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I'm trying to find a more elegant solution for ToC, LoT, and LoF formatting for my university's thesis/dissertation style. The short form of their requirements means I need one page style for the first page of the ToC, a second page style for following pages up to where the appendix listings start, and yet a third style from the appendix listing through the end.

It looks like I've run into a bug, or else I'm just missing a better solution.

Minimal example 1

\documentclass{report}
\usepackage{lipsum}

\begin{document}
\addtocontents{toc}{\protect\thispagestyle{empty}\protect\pagestyle{plain}}
\tableofcontents

\input{twenty-chapters}
\appendix
\addtocontents{toc}{\protect\pagestyle{headings}\protect\thispagestyle{plain}}
\input{twenty-chapters}
\chapter{Foo} \include{a-chapter}
\addtocontents{toc}{\protect\thispagestyle{headings}}
\end{document}

Though I don't think it's relevant, the contents of twenty-chapters.tex is 20 lines of

\chapter{Foo} \include{a-chapter}

and a-chapter.tex is just:

\lipsum[1]
\section{Bar}
\lipsum[2-7]
\begin{figure}[tbp] \caption{Figure N} \end{figure}
\begin{figure}[tbp] \caption{Figure N} \end{figure}
\begin{figure}[tbp] \caption{Figure N} \end{figure}
\section{Baz}
\lipsum[8-9]
\begin{figure}[tbp] \caption{Figure N} \end{figure}
\begin{figure}[tbp] \caption{Figure N} \end{figure}
\begin{figure}[tbp] \caption{Figure N} \end{figure}

Here, I'm using the empty page style as a stand-in for the first page format, plain for the second page format, and headings for the third. This works fine on all but the last page of the ToC, which ends up with a plain page style instead of headings.

Minimal example 2:

\documentclass{report}
\usepackage{lipsum}

\begin{document}
\addtocontents{toc}{\protect\thispagestyle{empty}\protect\pagestyle{plain}}
\tableofcontents

\input{twenty-chapters}
\appendix
\addtocontents{toc}{\protect\pagestyle{headings}\protect\thispagestyle{plain}}
\input{twenty-chapters}
\addtocontents{toc}{\protect\thispagestyle{headings}}
\chapter{Foo} \include{a-chapter}
\end{document}

Exactly the same as the first document, but now my final \addtocontents is before the last chapter. On this one, everything works perfectly. Empty page style on ToC page 1, plain on ToC page 2, and headings on ToC pages 3-4.

Why would this make a difference? From looking at the .toc files for each example, my final \thispagestyle command is missing on the example that fails. Why would my \addcontents command not take effect in some situations?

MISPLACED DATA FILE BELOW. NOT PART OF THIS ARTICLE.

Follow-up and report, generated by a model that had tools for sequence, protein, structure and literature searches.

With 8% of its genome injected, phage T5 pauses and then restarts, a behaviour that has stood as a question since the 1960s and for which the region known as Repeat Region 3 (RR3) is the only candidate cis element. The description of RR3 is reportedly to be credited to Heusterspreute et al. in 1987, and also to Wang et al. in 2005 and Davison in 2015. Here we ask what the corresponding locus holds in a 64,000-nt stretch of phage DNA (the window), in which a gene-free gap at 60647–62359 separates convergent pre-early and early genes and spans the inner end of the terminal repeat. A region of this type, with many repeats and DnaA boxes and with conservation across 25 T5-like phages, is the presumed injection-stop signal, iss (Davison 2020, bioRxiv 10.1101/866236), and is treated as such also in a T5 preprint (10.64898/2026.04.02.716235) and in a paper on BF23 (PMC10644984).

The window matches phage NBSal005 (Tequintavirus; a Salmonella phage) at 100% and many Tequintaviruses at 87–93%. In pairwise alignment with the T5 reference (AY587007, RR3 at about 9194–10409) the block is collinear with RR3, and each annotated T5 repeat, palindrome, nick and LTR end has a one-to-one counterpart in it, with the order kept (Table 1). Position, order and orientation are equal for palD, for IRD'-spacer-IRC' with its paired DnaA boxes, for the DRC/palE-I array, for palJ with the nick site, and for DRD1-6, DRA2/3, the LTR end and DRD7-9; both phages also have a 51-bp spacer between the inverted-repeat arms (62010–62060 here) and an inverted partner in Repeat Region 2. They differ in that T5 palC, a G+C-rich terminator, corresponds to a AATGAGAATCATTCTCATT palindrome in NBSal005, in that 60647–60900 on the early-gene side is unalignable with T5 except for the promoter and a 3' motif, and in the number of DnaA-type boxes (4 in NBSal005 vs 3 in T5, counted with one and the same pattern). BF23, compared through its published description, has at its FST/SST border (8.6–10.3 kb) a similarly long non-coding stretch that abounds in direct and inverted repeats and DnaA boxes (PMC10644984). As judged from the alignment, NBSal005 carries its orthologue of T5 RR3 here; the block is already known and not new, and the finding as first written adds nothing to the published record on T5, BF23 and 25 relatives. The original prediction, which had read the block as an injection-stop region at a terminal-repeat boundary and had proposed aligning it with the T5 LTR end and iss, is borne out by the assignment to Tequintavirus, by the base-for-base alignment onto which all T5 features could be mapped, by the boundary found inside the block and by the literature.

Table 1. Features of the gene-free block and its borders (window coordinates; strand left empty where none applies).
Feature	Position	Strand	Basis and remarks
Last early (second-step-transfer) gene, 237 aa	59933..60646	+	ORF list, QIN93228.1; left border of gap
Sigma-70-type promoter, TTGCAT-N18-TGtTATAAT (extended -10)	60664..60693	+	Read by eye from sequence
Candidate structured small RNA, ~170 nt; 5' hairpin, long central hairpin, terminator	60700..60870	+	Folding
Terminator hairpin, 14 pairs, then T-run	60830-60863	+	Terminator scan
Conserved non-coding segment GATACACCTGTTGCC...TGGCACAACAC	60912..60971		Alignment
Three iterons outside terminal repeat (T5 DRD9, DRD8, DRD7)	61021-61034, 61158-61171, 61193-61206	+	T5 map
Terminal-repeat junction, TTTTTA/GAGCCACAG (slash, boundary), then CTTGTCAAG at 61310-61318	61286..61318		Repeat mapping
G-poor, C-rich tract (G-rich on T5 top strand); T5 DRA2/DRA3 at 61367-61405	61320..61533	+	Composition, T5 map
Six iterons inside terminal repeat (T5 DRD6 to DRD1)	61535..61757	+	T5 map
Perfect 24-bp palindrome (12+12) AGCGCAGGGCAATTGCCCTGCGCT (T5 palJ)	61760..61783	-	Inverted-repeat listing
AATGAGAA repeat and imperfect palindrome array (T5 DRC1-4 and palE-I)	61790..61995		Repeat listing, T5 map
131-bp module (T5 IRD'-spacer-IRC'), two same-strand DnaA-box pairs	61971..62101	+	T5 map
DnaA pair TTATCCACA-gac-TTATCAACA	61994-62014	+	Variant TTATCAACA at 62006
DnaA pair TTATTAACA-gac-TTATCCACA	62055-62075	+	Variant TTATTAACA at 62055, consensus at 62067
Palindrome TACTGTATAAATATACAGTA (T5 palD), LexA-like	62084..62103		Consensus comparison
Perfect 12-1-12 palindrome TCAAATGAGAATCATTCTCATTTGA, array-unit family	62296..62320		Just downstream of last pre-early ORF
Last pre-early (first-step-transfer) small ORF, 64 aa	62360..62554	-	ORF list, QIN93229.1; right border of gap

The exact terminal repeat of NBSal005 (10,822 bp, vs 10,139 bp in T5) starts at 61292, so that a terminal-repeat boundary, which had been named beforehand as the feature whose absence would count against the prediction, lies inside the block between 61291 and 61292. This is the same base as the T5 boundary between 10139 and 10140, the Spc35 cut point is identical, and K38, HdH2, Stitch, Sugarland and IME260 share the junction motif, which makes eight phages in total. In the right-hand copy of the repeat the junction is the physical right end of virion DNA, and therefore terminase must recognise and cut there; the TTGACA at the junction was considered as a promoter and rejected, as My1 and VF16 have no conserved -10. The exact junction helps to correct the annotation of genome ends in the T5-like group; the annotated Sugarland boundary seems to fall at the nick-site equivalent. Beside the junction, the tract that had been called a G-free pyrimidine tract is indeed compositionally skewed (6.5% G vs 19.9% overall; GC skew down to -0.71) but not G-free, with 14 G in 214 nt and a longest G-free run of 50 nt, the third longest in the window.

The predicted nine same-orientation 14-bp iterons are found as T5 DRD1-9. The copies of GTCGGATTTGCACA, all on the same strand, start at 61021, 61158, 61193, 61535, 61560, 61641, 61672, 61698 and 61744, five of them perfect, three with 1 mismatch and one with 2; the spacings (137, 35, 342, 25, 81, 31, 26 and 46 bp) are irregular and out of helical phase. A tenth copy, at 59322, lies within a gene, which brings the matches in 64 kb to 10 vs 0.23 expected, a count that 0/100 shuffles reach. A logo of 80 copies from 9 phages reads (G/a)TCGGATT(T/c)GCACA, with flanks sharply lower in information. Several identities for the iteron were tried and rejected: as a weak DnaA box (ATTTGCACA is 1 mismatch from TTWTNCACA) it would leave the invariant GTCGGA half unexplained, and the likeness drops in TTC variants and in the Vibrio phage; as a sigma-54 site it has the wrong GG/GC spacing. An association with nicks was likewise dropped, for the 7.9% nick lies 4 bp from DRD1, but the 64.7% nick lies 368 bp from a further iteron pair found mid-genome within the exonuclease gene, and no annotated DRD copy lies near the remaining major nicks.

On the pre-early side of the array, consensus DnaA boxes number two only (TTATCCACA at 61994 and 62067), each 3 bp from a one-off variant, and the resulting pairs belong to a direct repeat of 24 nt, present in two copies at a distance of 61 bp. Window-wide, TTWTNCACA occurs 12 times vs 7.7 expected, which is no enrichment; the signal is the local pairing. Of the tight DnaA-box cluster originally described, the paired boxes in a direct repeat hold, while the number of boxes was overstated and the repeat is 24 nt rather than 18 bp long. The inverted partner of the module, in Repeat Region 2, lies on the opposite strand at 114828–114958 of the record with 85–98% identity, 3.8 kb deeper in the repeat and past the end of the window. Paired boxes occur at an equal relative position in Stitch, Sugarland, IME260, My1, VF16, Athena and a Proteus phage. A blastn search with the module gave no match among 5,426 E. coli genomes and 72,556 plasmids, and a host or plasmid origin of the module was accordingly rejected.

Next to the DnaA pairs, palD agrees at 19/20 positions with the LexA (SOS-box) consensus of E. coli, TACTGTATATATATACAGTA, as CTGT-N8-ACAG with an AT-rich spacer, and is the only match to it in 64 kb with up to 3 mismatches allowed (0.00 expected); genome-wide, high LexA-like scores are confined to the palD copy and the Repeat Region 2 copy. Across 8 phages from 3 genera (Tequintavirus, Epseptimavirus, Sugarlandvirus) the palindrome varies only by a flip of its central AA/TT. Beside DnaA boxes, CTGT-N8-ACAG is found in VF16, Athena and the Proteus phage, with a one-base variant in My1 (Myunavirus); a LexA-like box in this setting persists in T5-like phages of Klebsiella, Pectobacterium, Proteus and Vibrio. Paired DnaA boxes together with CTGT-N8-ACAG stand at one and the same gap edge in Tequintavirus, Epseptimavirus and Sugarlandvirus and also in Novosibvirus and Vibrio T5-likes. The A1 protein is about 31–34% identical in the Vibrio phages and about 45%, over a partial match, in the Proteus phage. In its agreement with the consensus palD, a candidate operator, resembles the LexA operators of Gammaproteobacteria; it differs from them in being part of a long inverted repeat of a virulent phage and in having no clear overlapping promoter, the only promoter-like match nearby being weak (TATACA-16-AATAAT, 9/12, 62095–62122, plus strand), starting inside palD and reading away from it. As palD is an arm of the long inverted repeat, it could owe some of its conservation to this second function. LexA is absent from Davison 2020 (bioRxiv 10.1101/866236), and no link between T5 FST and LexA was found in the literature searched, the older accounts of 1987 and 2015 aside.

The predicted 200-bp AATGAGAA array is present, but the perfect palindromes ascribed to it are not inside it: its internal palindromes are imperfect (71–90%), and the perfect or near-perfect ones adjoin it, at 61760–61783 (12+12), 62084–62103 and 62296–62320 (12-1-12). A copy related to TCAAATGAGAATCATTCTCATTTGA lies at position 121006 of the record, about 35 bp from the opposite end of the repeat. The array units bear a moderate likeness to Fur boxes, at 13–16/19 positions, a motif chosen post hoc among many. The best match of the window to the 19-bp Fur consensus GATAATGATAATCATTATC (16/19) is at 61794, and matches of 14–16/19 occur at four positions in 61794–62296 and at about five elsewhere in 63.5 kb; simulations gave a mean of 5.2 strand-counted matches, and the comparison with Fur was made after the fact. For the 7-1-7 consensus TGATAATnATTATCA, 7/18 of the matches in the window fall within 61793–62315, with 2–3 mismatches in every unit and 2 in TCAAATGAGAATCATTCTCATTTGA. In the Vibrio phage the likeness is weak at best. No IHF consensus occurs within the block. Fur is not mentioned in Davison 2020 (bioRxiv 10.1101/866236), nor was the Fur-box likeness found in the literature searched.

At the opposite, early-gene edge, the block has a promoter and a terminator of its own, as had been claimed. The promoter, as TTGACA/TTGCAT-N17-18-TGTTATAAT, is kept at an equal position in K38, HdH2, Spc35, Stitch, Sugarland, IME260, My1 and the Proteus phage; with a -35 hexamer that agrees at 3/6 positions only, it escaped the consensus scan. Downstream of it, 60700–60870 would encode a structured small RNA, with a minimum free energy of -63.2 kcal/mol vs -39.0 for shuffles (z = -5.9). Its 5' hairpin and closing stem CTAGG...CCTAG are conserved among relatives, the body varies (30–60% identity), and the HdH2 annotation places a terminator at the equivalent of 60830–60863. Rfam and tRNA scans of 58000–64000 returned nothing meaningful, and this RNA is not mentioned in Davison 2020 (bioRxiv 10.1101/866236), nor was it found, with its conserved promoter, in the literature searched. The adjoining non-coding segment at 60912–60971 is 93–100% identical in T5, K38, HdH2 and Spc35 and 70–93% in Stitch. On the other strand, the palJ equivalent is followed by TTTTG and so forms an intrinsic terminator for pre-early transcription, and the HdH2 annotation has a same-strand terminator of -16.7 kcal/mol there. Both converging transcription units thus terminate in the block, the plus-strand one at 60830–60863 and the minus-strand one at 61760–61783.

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1 Answer 1

up vote 13 down vote accepted

Solution:

Replace the last \addtocontents with the following code:

\makeatletter
\immediate\write\@auxout{\noexpand\@writefile{toc}{\noexpand\thispagestyle{headings}}}
\makeatother

If this is required in more than one document, you can define a macro for it. In this case I would also set \protect properly (as the normal \addtocontents does). This is done inside a group of course (note the extra { } pair).

\makeatletter
\newcommand\immaddtocontents[1]{{%
   \let\protect\@unexpandable@protect
   \immediate\write\@auxout{\noexpand\@writefile{toc}{#1}}%
}}
\makeatother

which can be used like this:

\immaddtocontents{\protect\thispagestyle{headings}}

Explanation:

The problem is that \addtocontents is intended to be used together with material which is typeset. The underlying \write macro is a so called whatsit, i.e. it is only stored when found and executed later when its box is typeset, i.e. when the material is (virtually) written on the page. This is done, because only at this moment the final position of the material i.e. the page number is known.

Your last \addtocontents is never typeset, so comes never into the file. Using the code above will write the contents line directly without creating a whatsit. Please note that if you are using this code in the middle of the document your entries could be out of order.

Alternatives:

My first idea was to add an empty box \hbox{} after the last \addtocontents to force that the whatsit is executed. However because the last text was in an \include which executes \clearpage, adding this box afterwards would create a new empty page at the end of the document. However, if the last content of the document comes from the main file or an \input file (and does not end in an manual \clearpage) this solution should work.

Other possibility would be to use the filehook package to place the \addtocontents direct before the \clearpage of the last \include file:

\usepackage{filehook}
\AtEndOfIncludeFile{<last file>}{\addtocontents{toc}{\protect\thispagestyle{headings}}}

or place the following directly before the last \include:

\AtEndOfIncludes{\addtocontents{toc}{\protect\thispagestyle{headings}}}

Further Reading:

See The TeXBook it learn all abouts whatsits. For example in Chapter 21: Making Boxes, p.226.

share|improve this answer
    
I just looked at the first version of your answer. Maybe it's worth adding one sentence about this alternative solution that adds a blank page (a la "you could do ..., but ..."); I find it enlightening. –  Hendrik Vogt Feb 5 '11 at 7:52
    
@Hendrik: I added the alternative now with some hint that it should work in other cases. –  Martin Scharrer Feb 5 '11 at 18:23

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